Meet the adorable robot camera Japan’s space agency sent to the ISS

Science can be cute as hell when it wants to be – take the JEM
Internal Ball Camera (“Int-Ball” for short). The device,
created by the Japan Aerospace Exploration Agency (JAXA), was
delivered to the International Space Station on June 4, 2017,
and now JAXA is releasing its first video and images.

The purpose of Int-Ball is to give scientists on the ground the
ability to remotely capture images and video, via a robot that
can move autonomously around in space and capture both moving
and still imagery. The 3D-printed drone offer real-time
monitoring for “flight controllers and researchers on the
ground,” according to JAXA, and the media it gathers can also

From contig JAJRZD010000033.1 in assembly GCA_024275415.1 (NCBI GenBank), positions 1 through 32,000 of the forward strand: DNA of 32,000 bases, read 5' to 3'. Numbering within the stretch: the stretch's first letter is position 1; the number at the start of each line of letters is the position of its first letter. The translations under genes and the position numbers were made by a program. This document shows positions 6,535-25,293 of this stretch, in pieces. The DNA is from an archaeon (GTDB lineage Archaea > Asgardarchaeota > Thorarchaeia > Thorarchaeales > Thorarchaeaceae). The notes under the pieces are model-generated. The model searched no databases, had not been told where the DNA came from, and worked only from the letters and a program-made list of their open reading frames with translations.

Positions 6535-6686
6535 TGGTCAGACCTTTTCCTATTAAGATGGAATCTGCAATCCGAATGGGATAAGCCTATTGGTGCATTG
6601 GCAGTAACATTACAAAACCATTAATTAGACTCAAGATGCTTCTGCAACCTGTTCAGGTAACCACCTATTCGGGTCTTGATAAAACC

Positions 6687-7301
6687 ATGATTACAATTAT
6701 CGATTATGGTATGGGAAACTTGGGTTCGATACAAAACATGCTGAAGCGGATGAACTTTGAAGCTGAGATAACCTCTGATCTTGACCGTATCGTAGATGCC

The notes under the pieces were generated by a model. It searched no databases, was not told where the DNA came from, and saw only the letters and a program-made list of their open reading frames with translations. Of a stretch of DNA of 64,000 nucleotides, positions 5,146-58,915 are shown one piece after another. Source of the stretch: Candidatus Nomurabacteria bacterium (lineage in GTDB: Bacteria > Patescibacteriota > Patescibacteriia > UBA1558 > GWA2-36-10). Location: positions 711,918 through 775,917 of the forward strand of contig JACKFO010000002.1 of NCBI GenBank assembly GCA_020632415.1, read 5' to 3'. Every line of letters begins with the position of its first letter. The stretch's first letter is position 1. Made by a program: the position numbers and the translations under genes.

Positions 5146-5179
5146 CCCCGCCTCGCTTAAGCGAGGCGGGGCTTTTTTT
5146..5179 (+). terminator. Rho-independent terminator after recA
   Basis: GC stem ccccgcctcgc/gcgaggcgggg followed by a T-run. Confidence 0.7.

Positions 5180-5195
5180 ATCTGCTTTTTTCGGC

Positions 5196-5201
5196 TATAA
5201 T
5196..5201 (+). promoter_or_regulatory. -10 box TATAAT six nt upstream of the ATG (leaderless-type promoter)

be fed back to ISS crew.

Int-Ball’s unique design is obviously made possible by the
zero-G environment in which it operates. It’s aiming to be able
to move around “anywhere at any time via autonomous flight and
record images from any angle,” says Japan’s space agency, and
will hope to help onboard ISS crew by reducing the time they
spend taking photography and capturing video themselves to
zero. That currently accounts for around 10 percent of ISS crew
time, JAXA says.

Int-Ball contains actuators, rotational and acceleration
sensors and electromagnetic brakes to help it orient in space,
and JAXA is exploring the tech for other applications including
satellites. The mission on the ISS, following its initial
verification, which is underway now, includes improving its
performance and seeking ways to help it better operate – with
experiments both inside and outside space-borne vehicles.

No word on its friendship capabilities but I have to imagine
they’re very high.

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